December 16, 2012
Buckeyes' senior maturing in the post
Follow Noon | Givler | Axelrod | Birmingham
COLUMBUS, Ohio -- Later today, Evan Ravenel will across a stage inside of the Schottenstein Center and receive a degree from the Ohio State University. But the best days of the Buckeye big man's college basketball career might just be beginning.
OSU's senior center-forward is in the midst of perhaps the best stretch of his two-year career in Columbus, having averaged 11.5 points and eight rebounds in Buckeyes wins over Savannah State and UNC-Asheville. Ravenel's emergence in the past week couldn't have come at a better time for OSU coach Thad Matta, who has spent the better part of the first month of the 2012-13 season searching for a serviceable replacement in the post for departed two-time All-American Jared Sullinger.
"I hope we can continue to expand on that for him," Matta said of Ravenel's recent run. ""That's what you ultimately want, especially from a senior."
It's been an up-and-down senior campaign for the Boston College transfer, who served as Sullinger's primary backup throughout the Buckeyes' run to the Final Four a season ago. Despite starting in each of OSU's first seven games this season, Ravenel found himself losing minutes to his backups, Amir Williams and Trey McDonald, after averaging just 5.1 points and 3.7 rebounds.
A two-point, one-rebound, and four-foul performance against Long Beach State on Dec. 8 led to a heart-to-heart meeting between Ravenel and the Buckeyes coaching staff, which the Tampa, Fla. credited as a turning point in his season.
"We sat down and talked about my performance and how I just gotta play with energy," Ravenel said. "It ain't always going to be perfect, but if I play hard and play with energy, good things happen."
The 6-foot-8 forward did just that in an OSU win over Savannah State last Wednesday, scoring 11 points and pulling down a season-high nine rebounds against the Tigers. Matta was certainly pleased with Ravenel's first post-meeting outing, but wanted to see that performance replicated with consistency.
The Ohio State head coach got that on Saturday, when his starting center matched a career-high with 12 points and recorded seven rebounds in the Buckeyes' win over UNC-Asheville. While Matta admitted that he'd still like to get more out of the 250-pounder on the defensive end of the floor, the OSU coach remains optimistic that Ravenel's past two games are just a sign of things to come from him as the Buckeyes move towards Big Ten play.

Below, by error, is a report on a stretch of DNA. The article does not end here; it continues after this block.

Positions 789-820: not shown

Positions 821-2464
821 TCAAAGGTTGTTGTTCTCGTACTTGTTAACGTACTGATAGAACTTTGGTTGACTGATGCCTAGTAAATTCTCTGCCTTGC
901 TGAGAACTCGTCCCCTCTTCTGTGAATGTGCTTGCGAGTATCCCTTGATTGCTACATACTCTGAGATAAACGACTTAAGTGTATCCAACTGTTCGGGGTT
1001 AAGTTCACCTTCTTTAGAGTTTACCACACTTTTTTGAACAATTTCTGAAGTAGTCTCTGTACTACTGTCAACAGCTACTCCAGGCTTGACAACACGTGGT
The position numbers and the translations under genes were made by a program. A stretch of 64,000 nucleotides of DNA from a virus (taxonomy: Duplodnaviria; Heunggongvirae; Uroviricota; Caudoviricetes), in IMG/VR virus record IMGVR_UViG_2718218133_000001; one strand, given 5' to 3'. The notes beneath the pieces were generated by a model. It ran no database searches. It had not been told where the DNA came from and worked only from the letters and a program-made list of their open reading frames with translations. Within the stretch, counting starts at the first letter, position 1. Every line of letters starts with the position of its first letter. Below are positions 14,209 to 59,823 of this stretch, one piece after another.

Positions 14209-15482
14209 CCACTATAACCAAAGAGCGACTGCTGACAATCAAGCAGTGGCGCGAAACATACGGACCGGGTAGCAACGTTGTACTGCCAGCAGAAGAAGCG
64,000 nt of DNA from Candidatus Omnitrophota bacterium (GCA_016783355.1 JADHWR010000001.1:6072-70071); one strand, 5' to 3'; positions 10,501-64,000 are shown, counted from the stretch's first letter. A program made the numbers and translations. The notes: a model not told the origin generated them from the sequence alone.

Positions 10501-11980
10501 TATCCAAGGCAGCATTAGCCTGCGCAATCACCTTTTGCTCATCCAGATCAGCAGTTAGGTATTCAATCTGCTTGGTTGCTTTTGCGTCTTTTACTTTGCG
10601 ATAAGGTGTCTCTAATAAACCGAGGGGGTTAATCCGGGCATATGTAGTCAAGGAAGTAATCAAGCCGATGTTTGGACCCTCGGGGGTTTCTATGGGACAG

"Hopefully he's just a little more at ease in his mind of hey, I can relax and just play the game of basketball," Matta said. "Just getting him to calm down and play hard and not overanalyze everything is the biggest thing for him."
Despite a couple tip dunks and fast break finishes that showed what had been otherwise hidden athleticism, Ravenel is your typical bruiser in the post, who isn't going to remind anybody of his former roommate, Sullinger. Ohio State's lone senior has always been aware that he and the No. 21 overall pick in last June's NBA Draft don't have much in common from an offensive standpoint, but said that his chat with the OSU coaches helped redefine his role on this year's team.
"They just told me what I needed to do. I told them what I wanted out of myself and out of this team and they told me what I could bring to the team and what I needed to do to make that happen," Ravenel recalled. "Playing hard and playing with energy, that's what I have to do. It's not shoot a thousand shots, it's not go do a million ball handling drills or whatever, it's just playing hard. If I play hard, then that's what happens, it's the type of player I am."
Since talking with Ravenel a week ago, Matta's noticed a maturation in his team's elder statesman and OSU graduate, which he hopes will continue to pay dividends as the Buckeyes move towards the heart of their schedule.
"He looks, assesses the situation and basically says, 'What do I have to do to help this basketball team?'" Matta said. "The more he understands that and gets into that mode, the better basketball team we're going to be."
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